Hard-hit Massachusetts worries COVID-19 respite is fleeting
A house party attended by restaurant workers in a picturesque beach town in Massachusetts has led to more than a dozen new coronavirus infections.
On the western side of the state, a Springfield hospital is dealing with an outbreak of at least 40 cases traced to a hospital staffer who recently returned from an out-of-state vacation.
Less than a month after Massachusetts allowed gyms, movie theaters, museums and other public venues to reopen on July 6, there's an increasing sense of dread that the hard-hit state's summertime respite from the pandemic is waning just as families are looking ahead to the start of school.
"Pay attention #Massachusetts—#COVID19 is on the rise. The numbers show it. The anecdotes show it," Dr. David Rosman, president of the Massachusetts Medical Society, said in a which mobilized National Guard troops in the earlier days of the pandemic to go door to door tracking down visitors from New York—then the pandemic's epicenter—to ensure quarantines.
The tiny state has been relatively spared from the pandemic, but saw a spike of more than 100 newly confirmed cases Tuesday—Rhode Island's highest single-day total in months.
In response, Democratic Gov. Gina Raimondo on Wednesday delayed the next phase in the state's reopening plan by another month. She also cut back the maximum size of house parties and other social gatherings from 25 to 15 people, citing infections linked to parties, particularly among young adults.
"We're partying too much," Raimondo said. "It's clear we're not ready to move forward."
She also imposed stricter limits at the Ocean State's increasingly crowded beaches in recent weeks, and has threatened to impose tougher measures on bars and restaurants after some owners continue to flout the state's virus regulations.
Baker on Friday similarly threatened to cut the number of people allowed at private gatherings, but hasn't publicly entertained the idea of rolling back other parts of the economic reopening in Massachusetts, which had the highest unemployment rate in the nation in June, at more than 17%.
He maintains that much of the state's recent uptick can be attributed to individuals "letting down their guard" and not practicing proper virus safety etiquette—rather than to reopening the state economy too soon or too widely.
At the same time, Baker has announced stricter travel restrictions on people coming into the state starting Aug. 1, in recognition of soaring caseloads elsewhere.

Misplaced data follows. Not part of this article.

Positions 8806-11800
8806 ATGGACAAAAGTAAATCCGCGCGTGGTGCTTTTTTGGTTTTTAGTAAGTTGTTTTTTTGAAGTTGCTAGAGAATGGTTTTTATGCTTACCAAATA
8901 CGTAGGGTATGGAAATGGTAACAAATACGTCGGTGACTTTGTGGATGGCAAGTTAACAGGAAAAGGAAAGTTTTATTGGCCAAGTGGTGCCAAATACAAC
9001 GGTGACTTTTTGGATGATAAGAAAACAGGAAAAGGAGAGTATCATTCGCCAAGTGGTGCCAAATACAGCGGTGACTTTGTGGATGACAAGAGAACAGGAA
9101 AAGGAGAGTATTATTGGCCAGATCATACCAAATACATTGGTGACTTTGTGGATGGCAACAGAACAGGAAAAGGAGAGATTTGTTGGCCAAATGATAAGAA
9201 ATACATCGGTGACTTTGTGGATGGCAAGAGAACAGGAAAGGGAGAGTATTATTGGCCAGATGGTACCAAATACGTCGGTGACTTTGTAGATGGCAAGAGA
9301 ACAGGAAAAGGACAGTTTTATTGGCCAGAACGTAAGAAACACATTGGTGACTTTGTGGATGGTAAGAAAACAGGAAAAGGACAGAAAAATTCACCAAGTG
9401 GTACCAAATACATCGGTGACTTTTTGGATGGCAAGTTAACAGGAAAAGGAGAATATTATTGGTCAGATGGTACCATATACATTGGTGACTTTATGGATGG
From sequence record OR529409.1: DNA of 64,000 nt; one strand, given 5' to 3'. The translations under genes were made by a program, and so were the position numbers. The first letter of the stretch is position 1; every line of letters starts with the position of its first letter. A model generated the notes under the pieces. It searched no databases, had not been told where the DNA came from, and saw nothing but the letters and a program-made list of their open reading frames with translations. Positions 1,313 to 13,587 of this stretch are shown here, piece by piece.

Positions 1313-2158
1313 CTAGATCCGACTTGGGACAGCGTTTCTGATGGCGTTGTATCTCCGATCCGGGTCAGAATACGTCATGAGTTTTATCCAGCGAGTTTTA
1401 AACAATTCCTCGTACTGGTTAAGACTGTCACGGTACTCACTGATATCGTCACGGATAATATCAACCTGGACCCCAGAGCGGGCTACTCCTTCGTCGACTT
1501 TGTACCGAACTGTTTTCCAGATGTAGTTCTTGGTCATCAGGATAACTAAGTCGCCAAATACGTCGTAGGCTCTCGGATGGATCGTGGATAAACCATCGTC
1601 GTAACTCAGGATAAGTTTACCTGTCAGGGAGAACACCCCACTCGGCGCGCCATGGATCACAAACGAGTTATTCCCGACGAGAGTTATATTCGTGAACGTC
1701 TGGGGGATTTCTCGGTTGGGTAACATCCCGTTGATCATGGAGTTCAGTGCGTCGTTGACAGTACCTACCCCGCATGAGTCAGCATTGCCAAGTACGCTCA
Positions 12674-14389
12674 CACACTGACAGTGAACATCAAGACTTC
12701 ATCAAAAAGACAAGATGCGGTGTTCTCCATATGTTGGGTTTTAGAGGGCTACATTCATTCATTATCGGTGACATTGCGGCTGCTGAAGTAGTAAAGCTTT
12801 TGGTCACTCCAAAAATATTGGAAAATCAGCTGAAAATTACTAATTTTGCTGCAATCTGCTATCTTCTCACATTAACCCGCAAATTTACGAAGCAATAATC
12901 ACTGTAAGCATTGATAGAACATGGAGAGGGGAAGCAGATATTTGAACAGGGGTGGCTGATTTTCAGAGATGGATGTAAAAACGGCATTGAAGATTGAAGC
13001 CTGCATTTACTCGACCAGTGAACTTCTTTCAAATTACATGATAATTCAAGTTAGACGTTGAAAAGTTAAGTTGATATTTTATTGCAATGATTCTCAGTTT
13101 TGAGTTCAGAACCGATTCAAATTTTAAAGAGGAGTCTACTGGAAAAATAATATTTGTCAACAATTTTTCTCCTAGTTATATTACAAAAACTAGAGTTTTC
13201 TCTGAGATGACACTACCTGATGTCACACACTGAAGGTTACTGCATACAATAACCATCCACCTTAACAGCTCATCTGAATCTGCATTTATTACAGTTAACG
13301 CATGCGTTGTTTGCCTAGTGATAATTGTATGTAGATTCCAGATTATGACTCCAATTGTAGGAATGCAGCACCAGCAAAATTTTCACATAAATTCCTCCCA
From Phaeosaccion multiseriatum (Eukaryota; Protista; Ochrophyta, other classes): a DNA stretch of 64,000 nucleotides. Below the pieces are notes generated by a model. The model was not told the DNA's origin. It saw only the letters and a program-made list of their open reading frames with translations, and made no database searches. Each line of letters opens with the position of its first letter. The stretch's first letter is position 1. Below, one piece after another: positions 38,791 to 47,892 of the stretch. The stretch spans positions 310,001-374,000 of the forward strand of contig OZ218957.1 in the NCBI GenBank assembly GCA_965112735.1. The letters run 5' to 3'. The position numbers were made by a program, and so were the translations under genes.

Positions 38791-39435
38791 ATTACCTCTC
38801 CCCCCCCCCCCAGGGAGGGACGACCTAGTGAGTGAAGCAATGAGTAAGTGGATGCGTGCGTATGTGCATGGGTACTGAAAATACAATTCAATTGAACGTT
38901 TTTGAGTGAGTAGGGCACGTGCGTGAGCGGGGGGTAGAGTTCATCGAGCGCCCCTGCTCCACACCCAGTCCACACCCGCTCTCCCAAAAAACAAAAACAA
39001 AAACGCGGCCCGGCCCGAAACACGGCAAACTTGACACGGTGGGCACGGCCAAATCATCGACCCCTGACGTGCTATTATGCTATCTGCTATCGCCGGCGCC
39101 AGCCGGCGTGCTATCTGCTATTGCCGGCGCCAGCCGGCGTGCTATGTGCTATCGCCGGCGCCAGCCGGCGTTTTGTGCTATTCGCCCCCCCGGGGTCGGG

Baker and other state officials stress Massachusetts' key virus measures remain far below those in other states, and below where Massachusetts stood when he began the phased reopening in mid-May. The state's seven-day positive test rate was nearly 10% back then; it's now around 2%.
Rosman and other leading physicians counter that Massachusetts has averaged roughly 300 daily cases in recent days, a roughly 30% increase from prior weeks. They also point to anecdotal evidence that the public has grown too lax in the virus fight.
Besides the outbreaks tied to the Chatham house party and the Baystate Medical Center, state officials are investigating COVID-19 clusters from a lifeguard party in Falmouth, a high school graduation party in Chelmsford and an unauthorized football camp in Weymouth, among other large gatherings, Baker said Friday.
"We think we're winding down on COVID-19, but we're not," Boston Mayor Marty Walsh said earlier this week after an image of a seemingly packed harbor cruise ship went viral last weekend. "If we're in a sporting event, we're probably at halftime right now."
Rosman, the medical society president, said a return to virus safety fundamentals is even more crucial as local communities prepare to reopen schools and tens of thousands of college students arrive on campuses in the coming weeks.
"If the goal is to get back to school, we have to do the actions needed to get there," he said. "It's like trying to lose 20 pounds. You don't get there by eating McDonald's. You do it by exercising and eating right."
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